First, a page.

We’ve of course got the Space Black MacBook Pro here – as someone who loves the colour black, I have nothing but good things to say about the colour option. It’s fucking sexy. Although no previous Pro MacBooks have actually felt anything other than Pro, this one oozes luxe.

Image: Asha Barbaschow/Gizmodo Australia

Apples vs Apples

This is now my third 14-inch MacBook Pro review, starting with the M1 Pro, then the M2 Pro, and now the M3 Pro. In my review last year, I compared the first Apple Silicon machine to the second round, so it’s only fair to do that again here.

This time around, the MacBook Pros are pretty much the same as the one that came before it. Same height, width, vibe. Obviously, the colourway is sick, but it really is what’s inside that’s different.

Image: Asha Barbaschow/Gizmodo Australia

Over to Geekbench now and the 14-inch M3 Pro MacBook Pro is …it’s ridiculous.

M3 Pro MacBook Pro

  • Geekbench 6.2.1 single-core score: 3062
  • Geekbench 6.2.1 multi-core score: 15392
  • Geekbench 6.2.1 OpenCL score: 50549.

M2 Pro MacBook Pro

  • Geekbench 5.5.0 single-core score: 1874
  • Geekbench 5.5.0 multi-core score: 14012
  • Geekbench 5.5.0 OpenCL score: 46589.

M1 Pro MacBook Pro

  • Geekbench 5.5.0 single-core score: 1763
  • Geekbench 5.5.0 multi-core score: 12573
  • Geekbench 5.5.0 OpenCL score: 39178.

Of course, please notice the version of software as it differs from the last time the test was performed.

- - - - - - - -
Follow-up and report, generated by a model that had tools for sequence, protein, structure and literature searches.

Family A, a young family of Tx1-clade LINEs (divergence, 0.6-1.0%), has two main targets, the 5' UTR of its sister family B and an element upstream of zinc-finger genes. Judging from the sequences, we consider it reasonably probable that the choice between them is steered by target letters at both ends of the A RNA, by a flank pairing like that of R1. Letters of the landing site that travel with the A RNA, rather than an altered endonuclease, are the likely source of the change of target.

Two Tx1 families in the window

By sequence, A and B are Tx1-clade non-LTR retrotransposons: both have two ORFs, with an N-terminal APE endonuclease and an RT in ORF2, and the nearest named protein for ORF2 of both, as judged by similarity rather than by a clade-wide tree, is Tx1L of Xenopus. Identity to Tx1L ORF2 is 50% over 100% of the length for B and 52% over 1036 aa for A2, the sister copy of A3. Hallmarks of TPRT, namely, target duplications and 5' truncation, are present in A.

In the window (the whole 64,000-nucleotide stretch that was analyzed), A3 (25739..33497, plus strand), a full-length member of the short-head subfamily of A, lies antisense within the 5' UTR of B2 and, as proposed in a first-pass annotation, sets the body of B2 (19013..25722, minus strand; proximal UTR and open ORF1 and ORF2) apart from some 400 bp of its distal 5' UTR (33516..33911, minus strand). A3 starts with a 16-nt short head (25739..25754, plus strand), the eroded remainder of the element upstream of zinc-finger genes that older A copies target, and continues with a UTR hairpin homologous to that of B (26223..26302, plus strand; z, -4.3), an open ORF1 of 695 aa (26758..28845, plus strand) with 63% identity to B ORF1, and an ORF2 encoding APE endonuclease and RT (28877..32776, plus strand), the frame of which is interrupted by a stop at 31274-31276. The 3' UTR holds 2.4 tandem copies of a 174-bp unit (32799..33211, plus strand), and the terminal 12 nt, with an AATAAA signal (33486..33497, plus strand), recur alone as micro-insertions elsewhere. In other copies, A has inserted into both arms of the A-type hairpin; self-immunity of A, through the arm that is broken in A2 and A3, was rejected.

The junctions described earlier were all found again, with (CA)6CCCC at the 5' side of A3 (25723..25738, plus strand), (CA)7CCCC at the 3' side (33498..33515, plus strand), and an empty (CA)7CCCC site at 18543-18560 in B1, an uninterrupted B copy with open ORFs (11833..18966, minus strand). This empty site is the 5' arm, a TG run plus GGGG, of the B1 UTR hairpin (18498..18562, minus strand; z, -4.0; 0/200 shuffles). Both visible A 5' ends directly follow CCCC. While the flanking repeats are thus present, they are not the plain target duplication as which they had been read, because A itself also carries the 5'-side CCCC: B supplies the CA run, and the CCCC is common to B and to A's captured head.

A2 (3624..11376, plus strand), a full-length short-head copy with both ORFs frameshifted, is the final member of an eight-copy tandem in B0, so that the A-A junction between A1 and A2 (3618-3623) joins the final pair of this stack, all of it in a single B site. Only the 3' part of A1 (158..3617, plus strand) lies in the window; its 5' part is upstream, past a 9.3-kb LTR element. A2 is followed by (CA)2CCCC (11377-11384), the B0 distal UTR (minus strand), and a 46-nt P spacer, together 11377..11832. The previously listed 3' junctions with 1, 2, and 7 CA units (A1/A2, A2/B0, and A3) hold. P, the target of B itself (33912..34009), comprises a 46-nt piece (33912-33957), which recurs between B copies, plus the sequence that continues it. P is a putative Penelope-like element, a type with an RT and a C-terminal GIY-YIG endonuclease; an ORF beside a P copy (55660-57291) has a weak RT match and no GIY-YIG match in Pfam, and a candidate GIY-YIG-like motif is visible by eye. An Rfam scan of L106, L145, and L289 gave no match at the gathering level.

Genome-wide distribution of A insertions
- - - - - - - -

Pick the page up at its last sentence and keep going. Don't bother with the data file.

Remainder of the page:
Because I could, I also ran both the M2 Pro MacBook Pro and the M3 Pro MacBook Pro through Cinebench. Results as follows:

M3 Pro MacBook Pro

  • GPU (System Requirements): 6345
  • CPU (Multi Core): 1038
  • CPU (Single Core): 138.

M2 Pro MacBook Pro

  • GPU (System Requirements): 3389
  • CPU (Multi Core): 925
  • CPU (Single Core): 112.


Apple claims the M3 Pro MacBook Pro has 22 hours battery life. Which was a perfect reason to put it through the infamous Gizmodo Australia battery test. It’s not really infamous, just something we do on every device we can. Starting at 100 per cent battery, full brightness, volume up at max, and streaming from Disney+ over Wi-Fi on the highest quality stream possible, we play all three hours of Avengers: Endgame to judge its battery drain throughout the movie.

After one whole hour, the battery was down to 99 per cent. After the second hour, it had 92 per cent left, and as the credits were rolling, the MacBook Pro was down to 85 per cent.